Business is getting tougher for wine merchants in one of America’s biggest markets, and consumers may pay the price. The New York State Liquor Authority (NYSLA) is taking a dramatic new tack in its role as regulator of alcohol sales in the state. The independent agency, created after Prohibition, is expanding its reach and heightening enforcement as part of an initiative by NYSLA chairman Dennis Rosen to reform what he sees as an unfair marketplace. To ensure those rules are followed, Rosen's team has imposed more than $3 million in fines on wholesalers and retailers in the past three years.
According to Rosen, first appointed in 2009, the rules are designed to make sure wholesalers and retailers aren't engaged in sweetheart deals. They are the latest tactic of this former assistant attorney general's multi-year campaign to improve efficiency and oversight at the agency.
Several merchants, however, say that the chairman has now gone too far, that the NYSLA is just making business more difficult and that Rosen's rules may make it harder for consumers to buy the wines they want at good prices. “[The NYSLA is] trying to level the playing field, but really what they’re doing is limiting business from taking place,” said Daniel Posner, owner of Grapes the Wine Company, a White Plains, N.Y.–based retailer. “Why is the state interfering with business?”
Before the new regulations, it was standard practice for wholesalers to offer discounted wines or rare wines to retailers who were loyal customers. The new NYSLA rules forbid those kinds of deals, mandating that wholesalers post prices with the state in advance of all sales and that all retailers have access to discounted and limited-availability wines.
“If I have a client that wants 10 cases of Rombauer Chardonnay for a wedding in two weeks, I have to tell him, ‘Sorry, I cannot get you 10 cases in time,’” said Posner. “How many states are limiting how much Rombauer Chardonnay you can purchase?”
Rosen says it's about leveling the playing field. “There were some large retailers who would get special deals because of their size,” Rosen told Wine Spectator. “The same retailers time after time would get the great deal, and it’s called a closeout, but it’s pre-sold to them, or an item that is of limited availability, they would get it all. That hurt the marketplace.”
The new rules impact business in what is already a highly regulated market. "Where do they come off dictating everything to us and ruining this industry?" asked Rona Vesce, wine and spirits manager at Peekskill-based distributor D. Bertoline & Sons. "Their guidelines are absolutely ridiculous, more and more. How do you not allow us to keep beer and wine in the same warehouse? It’s alcohol!"
Other members of the industry, however, are taking the new regulations in stride. "In one or two cases, we’re getting significantly less wine than we would have," said Jamie Wolff, partner at Chambers Street Wines. "But I’m hoping in the long run that this is balanced out."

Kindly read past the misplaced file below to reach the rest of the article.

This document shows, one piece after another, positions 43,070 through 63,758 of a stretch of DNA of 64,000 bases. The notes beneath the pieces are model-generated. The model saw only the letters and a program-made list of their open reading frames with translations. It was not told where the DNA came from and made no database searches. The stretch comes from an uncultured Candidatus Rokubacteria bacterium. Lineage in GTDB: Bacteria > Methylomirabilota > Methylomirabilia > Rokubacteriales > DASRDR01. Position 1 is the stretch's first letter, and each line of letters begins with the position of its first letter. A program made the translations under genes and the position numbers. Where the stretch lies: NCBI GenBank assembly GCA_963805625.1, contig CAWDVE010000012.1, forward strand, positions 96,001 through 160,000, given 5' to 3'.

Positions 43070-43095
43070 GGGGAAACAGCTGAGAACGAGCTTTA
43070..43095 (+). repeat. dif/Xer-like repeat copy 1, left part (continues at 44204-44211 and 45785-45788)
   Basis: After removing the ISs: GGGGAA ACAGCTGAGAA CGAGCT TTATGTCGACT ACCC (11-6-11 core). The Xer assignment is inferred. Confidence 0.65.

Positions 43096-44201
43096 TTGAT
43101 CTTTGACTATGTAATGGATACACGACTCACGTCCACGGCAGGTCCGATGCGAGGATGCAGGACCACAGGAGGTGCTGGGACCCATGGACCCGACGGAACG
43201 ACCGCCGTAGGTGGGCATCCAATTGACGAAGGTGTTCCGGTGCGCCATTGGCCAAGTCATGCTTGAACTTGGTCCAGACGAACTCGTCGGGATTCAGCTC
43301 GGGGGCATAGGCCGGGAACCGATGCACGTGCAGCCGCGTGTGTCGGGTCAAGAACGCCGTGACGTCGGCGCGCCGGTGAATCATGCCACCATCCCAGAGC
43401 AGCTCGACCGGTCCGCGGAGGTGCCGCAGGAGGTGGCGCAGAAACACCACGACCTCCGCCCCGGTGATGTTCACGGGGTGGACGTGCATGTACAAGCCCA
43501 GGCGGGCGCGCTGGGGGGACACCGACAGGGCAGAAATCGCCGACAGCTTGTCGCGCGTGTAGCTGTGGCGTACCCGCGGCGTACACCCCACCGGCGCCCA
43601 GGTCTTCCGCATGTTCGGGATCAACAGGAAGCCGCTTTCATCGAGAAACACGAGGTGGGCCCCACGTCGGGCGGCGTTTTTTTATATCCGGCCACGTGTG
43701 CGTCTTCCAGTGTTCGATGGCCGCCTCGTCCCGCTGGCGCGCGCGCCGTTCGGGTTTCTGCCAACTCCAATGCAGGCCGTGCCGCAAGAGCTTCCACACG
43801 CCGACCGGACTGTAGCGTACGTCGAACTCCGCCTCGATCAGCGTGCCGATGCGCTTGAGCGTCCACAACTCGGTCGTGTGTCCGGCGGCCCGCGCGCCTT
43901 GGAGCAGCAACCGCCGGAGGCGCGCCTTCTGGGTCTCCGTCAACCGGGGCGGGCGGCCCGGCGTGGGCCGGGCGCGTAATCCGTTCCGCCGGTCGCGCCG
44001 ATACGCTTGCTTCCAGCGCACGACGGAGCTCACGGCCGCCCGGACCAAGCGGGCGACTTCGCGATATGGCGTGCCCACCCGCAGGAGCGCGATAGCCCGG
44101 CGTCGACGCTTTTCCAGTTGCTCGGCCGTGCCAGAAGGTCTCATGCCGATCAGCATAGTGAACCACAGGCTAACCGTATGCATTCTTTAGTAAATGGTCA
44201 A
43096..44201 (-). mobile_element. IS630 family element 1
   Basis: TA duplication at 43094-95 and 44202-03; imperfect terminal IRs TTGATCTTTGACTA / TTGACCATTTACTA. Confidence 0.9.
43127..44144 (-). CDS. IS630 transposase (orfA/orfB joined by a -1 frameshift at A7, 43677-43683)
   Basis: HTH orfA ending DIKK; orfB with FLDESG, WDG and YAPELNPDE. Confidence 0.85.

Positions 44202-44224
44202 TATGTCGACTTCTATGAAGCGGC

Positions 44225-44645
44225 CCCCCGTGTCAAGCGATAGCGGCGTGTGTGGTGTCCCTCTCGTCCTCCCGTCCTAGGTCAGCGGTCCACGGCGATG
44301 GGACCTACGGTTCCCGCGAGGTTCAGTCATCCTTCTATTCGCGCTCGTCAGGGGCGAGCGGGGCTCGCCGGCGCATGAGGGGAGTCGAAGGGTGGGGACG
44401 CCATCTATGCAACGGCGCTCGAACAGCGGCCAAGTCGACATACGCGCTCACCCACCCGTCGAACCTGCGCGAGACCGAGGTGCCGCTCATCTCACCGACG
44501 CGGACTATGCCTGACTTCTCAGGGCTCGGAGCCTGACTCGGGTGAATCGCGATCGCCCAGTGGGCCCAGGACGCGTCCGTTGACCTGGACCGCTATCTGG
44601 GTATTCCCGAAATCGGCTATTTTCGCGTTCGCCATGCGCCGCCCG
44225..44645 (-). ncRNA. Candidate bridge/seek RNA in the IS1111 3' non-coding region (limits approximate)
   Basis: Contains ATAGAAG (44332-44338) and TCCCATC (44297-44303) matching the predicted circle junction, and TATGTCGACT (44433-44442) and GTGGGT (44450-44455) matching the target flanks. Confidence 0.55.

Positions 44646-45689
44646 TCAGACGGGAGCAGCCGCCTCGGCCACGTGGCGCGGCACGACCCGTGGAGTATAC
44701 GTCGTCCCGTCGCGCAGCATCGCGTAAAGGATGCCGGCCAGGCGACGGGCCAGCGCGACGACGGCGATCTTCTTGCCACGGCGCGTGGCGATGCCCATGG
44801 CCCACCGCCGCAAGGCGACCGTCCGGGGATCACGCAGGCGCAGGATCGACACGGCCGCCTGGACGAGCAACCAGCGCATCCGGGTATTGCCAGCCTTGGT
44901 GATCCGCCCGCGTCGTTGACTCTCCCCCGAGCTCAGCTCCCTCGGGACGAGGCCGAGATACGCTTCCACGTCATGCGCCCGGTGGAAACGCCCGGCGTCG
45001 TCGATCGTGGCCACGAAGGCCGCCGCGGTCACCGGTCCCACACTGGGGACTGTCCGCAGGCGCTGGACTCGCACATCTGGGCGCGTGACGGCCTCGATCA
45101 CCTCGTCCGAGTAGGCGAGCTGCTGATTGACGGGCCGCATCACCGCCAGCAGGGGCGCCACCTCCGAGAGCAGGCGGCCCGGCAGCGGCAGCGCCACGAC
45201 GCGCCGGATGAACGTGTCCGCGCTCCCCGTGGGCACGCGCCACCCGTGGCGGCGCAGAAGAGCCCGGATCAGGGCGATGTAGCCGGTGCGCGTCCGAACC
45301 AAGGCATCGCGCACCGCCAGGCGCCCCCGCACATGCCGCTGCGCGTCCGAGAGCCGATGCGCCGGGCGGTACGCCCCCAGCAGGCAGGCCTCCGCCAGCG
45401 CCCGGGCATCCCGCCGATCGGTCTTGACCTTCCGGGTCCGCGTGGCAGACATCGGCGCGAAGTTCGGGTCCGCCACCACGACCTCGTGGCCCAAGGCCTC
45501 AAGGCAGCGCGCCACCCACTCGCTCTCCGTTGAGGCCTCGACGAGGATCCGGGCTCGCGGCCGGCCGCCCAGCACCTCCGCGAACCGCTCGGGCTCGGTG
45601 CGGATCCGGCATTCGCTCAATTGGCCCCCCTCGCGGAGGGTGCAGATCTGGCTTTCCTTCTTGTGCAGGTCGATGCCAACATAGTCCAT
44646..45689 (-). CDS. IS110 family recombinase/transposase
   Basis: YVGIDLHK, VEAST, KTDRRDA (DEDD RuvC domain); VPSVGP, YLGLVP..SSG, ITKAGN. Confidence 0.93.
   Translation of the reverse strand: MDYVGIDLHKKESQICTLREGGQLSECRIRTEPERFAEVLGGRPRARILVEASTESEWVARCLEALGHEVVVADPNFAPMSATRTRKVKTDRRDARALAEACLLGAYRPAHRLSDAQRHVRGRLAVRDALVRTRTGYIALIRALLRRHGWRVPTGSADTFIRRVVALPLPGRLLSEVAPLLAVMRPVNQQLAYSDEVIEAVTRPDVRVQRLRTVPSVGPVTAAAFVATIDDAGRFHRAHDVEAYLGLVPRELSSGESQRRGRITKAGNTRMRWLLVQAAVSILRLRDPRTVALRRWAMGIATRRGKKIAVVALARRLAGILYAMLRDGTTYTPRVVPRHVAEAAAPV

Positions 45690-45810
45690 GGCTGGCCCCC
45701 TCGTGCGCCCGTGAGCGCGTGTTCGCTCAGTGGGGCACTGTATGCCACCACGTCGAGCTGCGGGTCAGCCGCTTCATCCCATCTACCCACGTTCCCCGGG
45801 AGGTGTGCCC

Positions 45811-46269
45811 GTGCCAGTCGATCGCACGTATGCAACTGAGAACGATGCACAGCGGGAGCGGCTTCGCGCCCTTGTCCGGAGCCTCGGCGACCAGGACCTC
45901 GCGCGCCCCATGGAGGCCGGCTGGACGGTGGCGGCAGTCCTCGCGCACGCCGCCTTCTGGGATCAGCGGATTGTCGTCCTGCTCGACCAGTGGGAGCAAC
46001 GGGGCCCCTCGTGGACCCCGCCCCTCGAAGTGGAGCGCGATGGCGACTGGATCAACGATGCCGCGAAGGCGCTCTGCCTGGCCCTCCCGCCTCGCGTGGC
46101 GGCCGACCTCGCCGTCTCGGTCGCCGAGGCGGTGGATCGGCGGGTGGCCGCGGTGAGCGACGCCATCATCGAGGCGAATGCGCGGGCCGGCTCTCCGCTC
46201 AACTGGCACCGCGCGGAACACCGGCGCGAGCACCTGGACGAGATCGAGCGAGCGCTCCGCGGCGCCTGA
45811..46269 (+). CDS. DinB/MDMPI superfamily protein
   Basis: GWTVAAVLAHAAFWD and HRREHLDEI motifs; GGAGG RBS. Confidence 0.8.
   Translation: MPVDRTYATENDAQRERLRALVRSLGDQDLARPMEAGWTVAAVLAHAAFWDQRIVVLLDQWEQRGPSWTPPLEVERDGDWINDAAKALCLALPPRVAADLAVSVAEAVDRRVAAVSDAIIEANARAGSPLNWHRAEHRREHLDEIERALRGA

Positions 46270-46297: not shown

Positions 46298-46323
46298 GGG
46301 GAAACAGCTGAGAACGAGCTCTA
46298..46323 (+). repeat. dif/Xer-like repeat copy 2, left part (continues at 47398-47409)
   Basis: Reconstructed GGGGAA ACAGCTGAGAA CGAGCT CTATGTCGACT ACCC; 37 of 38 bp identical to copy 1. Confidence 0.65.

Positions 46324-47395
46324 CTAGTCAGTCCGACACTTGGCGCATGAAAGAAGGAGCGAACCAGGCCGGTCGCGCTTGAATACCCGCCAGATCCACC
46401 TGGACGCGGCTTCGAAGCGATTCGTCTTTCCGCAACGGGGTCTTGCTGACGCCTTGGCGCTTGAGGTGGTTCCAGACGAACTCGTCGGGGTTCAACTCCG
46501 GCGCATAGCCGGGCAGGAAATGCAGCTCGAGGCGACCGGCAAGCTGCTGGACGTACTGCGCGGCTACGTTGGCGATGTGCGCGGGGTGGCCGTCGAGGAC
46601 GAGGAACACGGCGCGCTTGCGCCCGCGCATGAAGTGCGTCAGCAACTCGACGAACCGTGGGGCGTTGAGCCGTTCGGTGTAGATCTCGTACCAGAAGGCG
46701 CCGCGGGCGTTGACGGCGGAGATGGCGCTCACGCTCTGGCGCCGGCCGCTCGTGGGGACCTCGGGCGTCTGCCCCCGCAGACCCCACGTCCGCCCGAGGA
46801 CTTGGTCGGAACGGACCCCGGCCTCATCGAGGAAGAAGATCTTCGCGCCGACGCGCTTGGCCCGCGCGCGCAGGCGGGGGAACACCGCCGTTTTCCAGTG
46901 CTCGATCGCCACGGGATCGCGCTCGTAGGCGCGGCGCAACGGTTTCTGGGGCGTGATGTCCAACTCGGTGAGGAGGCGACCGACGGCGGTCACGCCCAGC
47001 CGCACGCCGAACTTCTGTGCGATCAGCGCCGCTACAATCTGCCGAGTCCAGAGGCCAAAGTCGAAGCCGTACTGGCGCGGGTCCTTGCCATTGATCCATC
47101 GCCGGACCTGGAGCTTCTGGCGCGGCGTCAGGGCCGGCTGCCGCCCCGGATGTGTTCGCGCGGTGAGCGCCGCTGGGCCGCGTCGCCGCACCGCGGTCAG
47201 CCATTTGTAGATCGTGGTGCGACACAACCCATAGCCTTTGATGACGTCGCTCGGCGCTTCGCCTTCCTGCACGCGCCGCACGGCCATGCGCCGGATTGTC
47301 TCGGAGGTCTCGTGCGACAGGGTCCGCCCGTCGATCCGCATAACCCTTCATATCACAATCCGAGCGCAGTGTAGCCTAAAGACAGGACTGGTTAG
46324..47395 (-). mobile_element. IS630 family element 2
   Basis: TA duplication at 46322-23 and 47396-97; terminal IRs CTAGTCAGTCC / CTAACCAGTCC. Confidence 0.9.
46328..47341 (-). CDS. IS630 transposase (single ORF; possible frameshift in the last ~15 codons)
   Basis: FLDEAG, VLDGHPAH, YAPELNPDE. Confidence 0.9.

The first fine triggered by the NYSLA's new rules came in October 2011, when wholesaler Winebow paid a $600,000 penalty for anti-competitive market behaviors and failure to cooperate with an investigation. In October 2013, Southern Wine and Spirits settled for $200,000 over charges that it failed to post prices. The NYSLA fined wholesaler Empire Merchants $600,000 for selling discounted products to select retailers in March 2014.
Just this week, Palm Bay Imports agreed to pay $750,000—the largest fine ever paid to the NYSLA for a disciplinary case—for six charges of non-compliance including failure to post discounted prices which were offered to a small group of preferred retailers. In all, the NYSLA has collected $3.1 million in fines over the past three years.
|October 2011||The Winebow Group||Anti-competitive behavior||$600,000|
|December 2012||Jandell Selections||Failure to post prices||$120,000|
|July 2013||Margate Wine & Spirit Co.||Failure to post prices||$110,000|
|July 2013||The Winebow Group||Preferential discounting||$100,000|
|November 2013||Southern Wine and Spirits||Failure to post prices||$200,000|
|March 2014||Eataly||Licensing violations||$500,000|
|March 2014||Empire Merchants||Preferential discounting||$600,000|
|May 2014||Aviva Vino||Failure to post prices||$120,000|
|October 2014||Palm Bay International||Failure to post prices; preferential discounting||$750,000|
Rosen argues that the new rules are working, rejecting claims that his regulations are threatening to drive businesses out of the state. “No one is leaving New York state,” he said. “Since 2011, the number of [wine, beer and spirits] wholesalers in New York has gone from 1,381 to 1,977, an over 40 percent increase—in every area, we’ve had increased numbers. I don’t see people leaving.”
The chairman is also spearheading a crackdown on interstate retailer shipping (it’s illegal for a New York resident to order wine directly from an out-of-state retailer, but New York retailers may legally sell wine to customers in other states that allow such sales). In July 2013, the NYSLA revoked the license of Brooklyn retailer Liquors Galore for violating the shipping laws of at least 17 states.
The next month, the NYSLA issued a cease-and-desist letter to New Jersey retailer Wine Library, instructing the owners to stop shipping wine to New Yorkers. (The NYSLA has no jurisdiction over another state's retailers, but Rosen says that UPS stopped bringing Wine Library deliveries into New York when the common carrier learned they were illegal.)
In August 2014, the NYSLA charged Albany retailer Empire Wine with 16 counts of improperly shipping wine to out-of-state customers. Sources familiar with the proceedings say that Empire Wine’s ownership rejected an offer to plead no contest to charges of improper conduct and “unsatisfactory character” and pay a $100,000 fine. Empire fired back with a lawsuit in state court challenging the NYSLA’s authority to regulate interstate shipping and declaring its rules “unconstitutionally vague.”
The NYSLA's charges against Empire Wine cite a statute granting the agency power to penalize a licensee for “improper conduct,” which Rosen clarified as violating the law. “Our perspective is that if you’re selling into a state that prohibits sales into their state, then you’re engaging in improper conduct.”
“When other states complain to us,” he added, “it seems logical for us to do something, because [the offender] is subject to our jurisdiction. The other state is totally impotent.”
Dennis Rosen grew up in New York City, the son of a small businessman. After graduating from Brooklyn College and Harvard Law, he worked for Legal Aid of New York for 10 years, followed by nearly three decades with the state attorney general’s office. He now presides over the NYSLA from his office in Albany, commuting to the authority’s Harlem office twice a month for hearings.
The Harlem office shares a building on Lenox Avenue with the New York Lottery; the office ambiance feels closer to DMV than to City Hall. It’s a workman-like atmosphere, but Rosen has an easy rapport with his staff, trading jokes before he sat down to discuss the new rules.